Meredith Doubles Down: Move Over Munis, Here Comes The "Hidden State Financial Crisis"

Tyler Durden's picture

There are those who thought that following the material pushback by every chatterbox on CNBC that the muni situation is actually nice to quite nice, contrary to what Meredith Whitney had prophesied, that the scourge of Citi would slink back into whatever hole it is she crawled out of. And then there is Meredith Whitney, whose occasional appearances on TV have resulted in 25 weeks of consecutive, and material outflow from municipal funds. Undaunted by her critics, she has now doubled down, and shifting away from munis, is now focusing one level higher: on the state financial crisis. Her conclusion, sure to set off a firestorm of angry responses tomorrow when the Op-Ed hits the print version of the WSJ: "Defaults in a variety
of forms by states and municipalities are already happening and more
are inevitable. Taxpayers have borne the initial brunt of these defaults
by paying higher taxes in exchange for lower social services. And state
and local government employees are having to renegotiate labor
contracts that they once believed were sacrosanct." And sure enough, she refuses to abandon her muni thesis: "Municipal bond holders will experience their own form of contract
renegotiation in the form of debt restructurings at the local level.
These are just the facts. The sooner we accept them, the sooner we can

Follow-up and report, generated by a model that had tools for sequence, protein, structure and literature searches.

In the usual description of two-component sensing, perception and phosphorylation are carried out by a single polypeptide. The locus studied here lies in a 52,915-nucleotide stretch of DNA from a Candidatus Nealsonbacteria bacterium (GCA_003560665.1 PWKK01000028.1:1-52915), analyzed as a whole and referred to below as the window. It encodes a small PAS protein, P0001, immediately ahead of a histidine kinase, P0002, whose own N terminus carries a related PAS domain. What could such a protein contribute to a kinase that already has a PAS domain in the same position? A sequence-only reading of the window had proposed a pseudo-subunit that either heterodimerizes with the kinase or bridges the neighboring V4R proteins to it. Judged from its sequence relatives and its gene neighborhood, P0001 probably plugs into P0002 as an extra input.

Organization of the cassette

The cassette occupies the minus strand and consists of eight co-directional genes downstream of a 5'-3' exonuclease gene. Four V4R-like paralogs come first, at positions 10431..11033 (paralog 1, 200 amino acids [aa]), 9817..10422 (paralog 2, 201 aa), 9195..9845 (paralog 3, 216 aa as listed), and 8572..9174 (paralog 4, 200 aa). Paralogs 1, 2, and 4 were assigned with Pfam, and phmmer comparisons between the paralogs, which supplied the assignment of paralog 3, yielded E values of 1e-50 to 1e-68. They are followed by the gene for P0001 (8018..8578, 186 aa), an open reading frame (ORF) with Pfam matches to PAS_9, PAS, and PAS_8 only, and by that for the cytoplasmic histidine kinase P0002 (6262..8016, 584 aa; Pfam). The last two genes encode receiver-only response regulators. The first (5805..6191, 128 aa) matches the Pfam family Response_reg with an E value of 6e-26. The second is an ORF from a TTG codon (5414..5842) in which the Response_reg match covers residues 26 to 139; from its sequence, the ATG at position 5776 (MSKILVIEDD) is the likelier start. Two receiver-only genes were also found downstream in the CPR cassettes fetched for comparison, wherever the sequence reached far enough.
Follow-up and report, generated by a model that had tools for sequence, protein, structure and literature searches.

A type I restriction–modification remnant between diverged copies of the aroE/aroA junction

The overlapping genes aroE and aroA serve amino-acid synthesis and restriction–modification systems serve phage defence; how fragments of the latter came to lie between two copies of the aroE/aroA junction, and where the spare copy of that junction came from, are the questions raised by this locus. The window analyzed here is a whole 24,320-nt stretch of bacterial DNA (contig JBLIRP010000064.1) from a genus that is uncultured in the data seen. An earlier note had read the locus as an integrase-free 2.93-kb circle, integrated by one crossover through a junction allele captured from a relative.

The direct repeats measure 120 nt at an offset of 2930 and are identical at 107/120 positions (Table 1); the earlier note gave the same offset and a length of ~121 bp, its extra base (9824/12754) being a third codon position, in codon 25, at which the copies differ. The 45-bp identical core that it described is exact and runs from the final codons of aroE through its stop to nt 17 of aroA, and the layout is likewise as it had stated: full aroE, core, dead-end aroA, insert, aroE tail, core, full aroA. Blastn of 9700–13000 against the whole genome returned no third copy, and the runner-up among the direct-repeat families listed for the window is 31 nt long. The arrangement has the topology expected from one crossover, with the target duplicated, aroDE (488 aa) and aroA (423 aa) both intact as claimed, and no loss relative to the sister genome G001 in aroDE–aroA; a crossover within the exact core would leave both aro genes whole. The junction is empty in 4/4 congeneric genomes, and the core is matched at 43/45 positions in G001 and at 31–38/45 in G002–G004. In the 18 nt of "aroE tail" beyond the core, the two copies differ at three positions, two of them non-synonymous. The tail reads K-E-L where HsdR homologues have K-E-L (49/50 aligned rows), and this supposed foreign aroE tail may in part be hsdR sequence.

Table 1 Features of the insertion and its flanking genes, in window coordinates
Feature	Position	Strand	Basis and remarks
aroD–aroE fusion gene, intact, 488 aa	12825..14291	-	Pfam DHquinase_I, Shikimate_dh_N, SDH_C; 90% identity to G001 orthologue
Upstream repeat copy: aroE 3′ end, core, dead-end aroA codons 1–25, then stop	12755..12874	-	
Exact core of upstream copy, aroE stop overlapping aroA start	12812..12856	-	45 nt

get state finances back on track, and a real U.S. economic recovery
underway." Yes, well, one can argue that the sooner Ms. Whitney accepts that the modus operandi in the developed world is to preserve the status quo no matter the cost, and kick the can down the road indefinitely, the sooner we can all get back to a state of vegetative existence in which nobody questions anything and the world is one swell place until everything blows up.

Meredith Whitney: The Hidden State Financial Crisis, posted in the WSJ

Next month will be pivotal for most states, as it marks the fiscal
year end and is when balanced budgets are due. The states have racked up
over $1.8 trillion in taxpayer-supported obligations in large part by
underfunding their pension and other post-employment benefits. Yet over
the past three years, there still has been a cumulative excess of $400
billion in state budget shortfalls. States have already been forced to
raise taxes and cut programs to bridge those gaps.

Next month will also mark the end of the American Recovery and
Reinvestment Act's $480 billion in federal stimulus, which has
subsidized states through the economic downturn. States have grown more
dependent on federal subsidies, relying on them for almost 30% of their
budgets.

The condition of state finances threatens the economic recovery.
States employ over 19 million Americans, or 15% of the U.S. work force,
and state spending accounts for 12% of U.S. gross domestic product. The
process of reining in state finances will be painful for us all.

The rapid deterioration of state finances must be addressed
immediately. Some dismiss these concerns, because they believe states
will be able to grow their way out of these challenges. The reality is
that while state revenues have improved, they have done so in part from
tax hikes. However, state tax revenues still remain at roughly 2006
levels.

Expenses
are near the highest they have ever been due to built-in annual cost
escalators that have no correlation to revenue growth (or decline, as